Written by John F. Copper. In 1963 I journeyed to Taiwan to further my study of Chinese, sponsored by the East West Center at the University of Hawaii. I heard of Lee Teng-hui at this time. He was one of the experts that designed and operationalized Taiwan’s well-known and eminently successful land reform program. Little did I know that Lee would become one of modern Taiwan’s foremost leaders and someone I would meet and learn much more about in coming years.
Written by J. Michael Cole. On July 30, former president Lee Teng-hui, whom many regard as the father of Taiwan’s democracy, passed away at the age of 97. Lee leaves behind a nation that is markedly different from what it was when he entered politics decades ago. No figure—none—has had as major an impact on Taiwan than Lee, whose decisions in the crucial period between the late 1980s and early 1990s determined the future course of the nation and propelled into the “third wave” of democratisation.
Written by Gerrit van der Wees. On July 30 2020, Taiwan’s “Father of Democracy,” former President Lee Teng-hui passed away in Taipei at the ripe old age of 97. He served as the country’s President from 1988 until 2000 and guided its transformation from a repressive authoritarian dictatorship that had been imposed on the island by the Chinese Nationalists of Chiang Kai-shek after World War II, to the vibrant democracy that is Taiwan today.
Written by John F. Copper. Had the economic numbers not been in their favour, would they have lost the election? Hardly. The fact the U.S. supported President Tsai and her party was an overwhelming advantage, as was China alienating Taiwan’s voters with its harsh statements and actions, which were further exacerbated with anti-China protests in Hong Kong. Both were critical factors. Finally, the KMT was very divided with its top leaders fighting among themselves.
Written by Ian Inkster. The historical relations of Taiwan with Europe are by no means unproblematic. When free of Chinese imperial power, Taiwan became subject to the western Great Powers and then to an expanding, industrially founded Japanese colonialism and militarism. At this point, relations with Europe were commercially close but politically and culturally distant. Led by Britain, the European involvement in Taiwan was never truly benign. After the war of 1937-45, Europe’s interest in Taiwan was principally as a developing economy that traded in a range of complementary goods and services.
Written by Chieh-chi Hsieh. After the Democratic Progressive Party (DPP) Government’s astonishing policy responses in containing the outbreak of COVID-19, the new battleground that would determine the trajectory of President Tsai Ing-wen and her Government’s approval rate lies in their ability to revitalise Taiwan’s economy. With the official launching of the “triple stimulus voucher” (三倍券) programme in July, it provides a good opportunity to evaluate the underlying rationale for this economic stimulus package and why it was a missed opportunity for Tsai to further her green agenda.
Written by Ian Inkster. It will now be well-known to our readers that the European Union has excluded Taiwan from ‘a safe list,’ which allows citizens unhindered travel to-and-fro the Eurozone. It is important to note that there is no obligation for the EU to give full, or even sensible reasons, for this decision. Still, we can nevertheless examine the evidence for ourselves.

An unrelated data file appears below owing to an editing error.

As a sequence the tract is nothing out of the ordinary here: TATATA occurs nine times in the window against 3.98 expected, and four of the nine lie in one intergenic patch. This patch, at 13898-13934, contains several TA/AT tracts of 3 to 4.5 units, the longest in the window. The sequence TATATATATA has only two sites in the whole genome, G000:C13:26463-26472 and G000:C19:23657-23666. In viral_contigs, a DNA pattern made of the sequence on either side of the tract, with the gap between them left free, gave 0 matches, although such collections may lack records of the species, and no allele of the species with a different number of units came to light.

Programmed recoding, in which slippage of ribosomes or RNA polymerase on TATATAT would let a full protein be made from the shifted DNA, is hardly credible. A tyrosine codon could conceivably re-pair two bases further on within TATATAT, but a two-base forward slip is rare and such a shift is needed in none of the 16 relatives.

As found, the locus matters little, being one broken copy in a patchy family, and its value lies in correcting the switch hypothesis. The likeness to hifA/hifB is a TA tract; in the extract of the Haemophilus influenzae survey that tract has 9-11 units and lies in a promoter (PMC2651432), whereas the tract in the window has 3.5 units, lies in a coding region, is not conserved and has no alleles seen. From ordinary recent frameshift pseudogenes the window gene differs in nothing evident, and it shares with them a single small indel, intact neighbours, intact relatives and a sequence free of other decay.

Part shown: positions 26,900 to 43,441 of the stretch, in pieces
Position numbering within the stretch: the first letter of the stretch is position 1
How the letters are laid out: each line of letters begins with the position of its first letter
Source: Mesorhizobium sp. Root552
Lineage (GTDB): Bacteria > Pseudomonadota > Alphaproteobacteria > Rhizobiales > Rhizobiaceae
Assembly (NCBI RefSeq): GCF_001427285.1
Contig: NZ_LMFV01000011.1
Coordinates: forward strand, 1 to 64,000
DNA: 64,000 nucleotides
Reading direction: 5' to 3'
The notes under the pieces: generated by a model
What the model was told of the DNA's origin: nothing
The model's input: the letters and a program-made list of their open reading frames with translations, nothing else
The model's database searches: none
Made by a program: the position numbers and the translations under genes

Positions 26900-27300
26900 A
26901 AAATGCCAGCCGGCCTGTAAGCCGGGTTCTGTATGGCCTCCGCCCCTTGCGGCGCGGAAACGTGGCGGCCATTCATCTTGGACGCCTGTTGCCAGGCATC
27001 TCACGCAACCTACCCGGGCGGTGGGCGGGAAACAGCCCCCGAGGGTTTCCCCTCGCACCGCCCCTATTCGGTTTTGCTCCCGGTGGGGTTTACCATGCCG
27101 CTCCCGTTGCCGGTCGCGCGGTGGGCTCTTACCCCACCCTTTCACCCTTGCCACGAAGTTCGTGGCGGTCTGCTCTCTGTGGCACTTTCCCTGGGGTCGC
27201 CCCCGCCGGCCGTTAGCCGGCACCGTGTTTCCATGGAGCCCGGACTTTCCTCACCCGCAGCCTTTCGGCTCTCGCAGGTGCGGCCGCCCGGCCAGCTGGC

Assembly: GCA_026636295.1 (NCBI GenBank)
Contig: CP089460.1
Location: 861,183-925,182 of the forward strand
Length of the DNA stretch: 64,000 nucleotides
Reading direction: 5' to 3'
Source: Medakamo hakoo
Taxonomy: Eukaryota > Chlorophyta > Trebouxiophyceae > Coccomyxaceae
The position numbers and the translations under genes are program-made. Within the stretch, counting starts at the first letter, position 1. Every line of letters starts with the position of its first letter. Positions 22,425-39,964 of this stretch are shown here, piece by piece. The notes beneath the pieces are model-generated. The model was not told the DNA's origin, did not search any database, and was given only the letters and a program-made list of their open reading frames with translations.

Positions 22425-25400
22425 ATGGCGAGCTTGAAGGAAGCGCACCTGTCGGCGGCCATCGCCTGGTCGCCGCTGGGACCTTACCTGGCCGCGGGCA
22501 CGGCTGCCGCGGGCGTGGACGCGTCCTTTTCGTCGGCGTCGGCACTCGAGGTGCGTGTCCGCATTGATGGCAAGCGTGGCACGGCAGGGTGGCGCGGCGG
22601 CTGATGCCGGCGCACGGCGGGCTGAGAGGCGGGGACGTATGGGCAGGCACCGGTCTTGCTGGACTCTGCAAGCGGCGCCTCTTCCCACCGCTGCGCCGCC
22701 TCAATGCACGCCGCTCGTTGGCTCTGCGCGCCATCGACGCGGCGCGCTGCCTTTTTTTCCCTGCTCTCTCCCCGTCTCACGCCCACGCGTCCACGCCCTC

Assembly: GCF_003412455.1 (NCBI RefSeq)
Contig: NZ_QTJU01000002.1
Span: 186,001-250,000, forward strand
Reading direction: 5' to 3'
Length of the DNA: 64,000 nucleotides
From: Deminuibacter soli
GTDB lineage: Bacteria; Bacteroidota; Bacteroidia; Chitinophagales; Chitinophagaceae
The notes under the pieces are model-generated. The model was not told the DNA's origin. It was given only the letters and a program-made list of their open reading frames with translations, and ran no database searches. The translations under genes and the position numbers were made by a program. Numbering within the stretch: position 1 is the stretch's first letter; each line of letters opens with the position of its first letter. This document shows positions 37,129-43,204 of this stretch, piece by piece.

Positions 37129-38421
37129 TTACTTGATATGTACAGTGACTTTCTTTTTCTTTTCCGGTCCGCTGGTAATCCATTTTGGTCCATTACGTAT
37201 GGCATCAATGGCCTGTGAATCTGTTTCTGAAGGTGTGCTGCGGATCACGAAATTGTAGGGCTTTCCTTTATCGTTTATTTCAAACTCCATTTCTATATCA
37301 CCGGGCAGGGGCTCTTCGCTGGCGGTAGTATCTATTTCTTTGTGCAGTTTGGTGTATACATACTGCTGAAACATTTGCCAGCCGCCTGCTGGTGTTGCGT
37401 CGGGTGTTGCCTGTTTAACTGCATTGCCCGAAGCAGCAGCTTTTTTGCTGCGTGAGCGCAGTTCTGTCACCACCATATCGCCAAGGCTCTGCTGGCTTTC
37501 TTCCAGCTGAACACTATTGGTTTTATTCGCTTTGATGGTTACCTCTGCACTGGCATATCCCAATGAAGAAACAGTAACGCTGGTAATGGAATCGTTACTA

Written by Mark Wenyi Lai. What will President Tsai Ing-wen do in her second term? To answer this question, this essay reviewed three previous Taiwanese Presidents’ second terms and attempted to assess how Tsai and Taiwan politics operate in 2020-2024. Tsai is the most formidable Taiwanese President of the last thirty years. Her unprecedented political clout contributes to seven explanations as to why this is the case.
Written by Chieh-chi Hsieh. On 6 June 2020, Kaohsiung Mayor Han Kuo-yu suffered a devastating defeat in the recall election with almost 940,000 ballots agreeing to remove him from office after just 18 months since his inauguration. What are the underlying reasons for Han’s abrupt rise and fall over two years? What are the political implications of Han’s recall for not only the Kuomintang (KMT) but also the development of Taiwan’s democracy?
Written by Milo Hsieh. In January, Taiwan saw the re-election of its DPP President Tsai Ing-wen. The January election, which saw the DPP once more taking a firm majority in the Legislative Yuan, was a victory for the DPP that also gave rise to smaller parties. The KMT, taking lessons from its defeat, went on to reposition its policy on cross-strait issues with the election of a new party chairman.
Written by J. Michael Cole. The first four years under the Tsai Ing-wen administration have brought greater clarity regarding Beijing’s attitude toward Taiwan and its democracy. Although in the months prior to her inauguration on May 20, 2016, it was still possible to imagine that the two sides could find a modus vivendi despite Beijing’s longstanding antipathy toward the Democratic Progressive Party, Beijing almost immediately adopted an unforgiving course of action which soon poisoned the relationship.
Written by John F. Copper. Nearing the half-year point in her second term as president it is fitting to ask: how is President Tsai faring? It is a good time for a report card. On January 11, President Tsai won a resounding re-election victory over her KMT opponent Han Kuo-yu, the Mayor of Kaohsiung. Her party, the Democratic Progressive Party (DPP), also secured a majority in the concurrent legislative vote, though it was not as impressive as Tsai’s win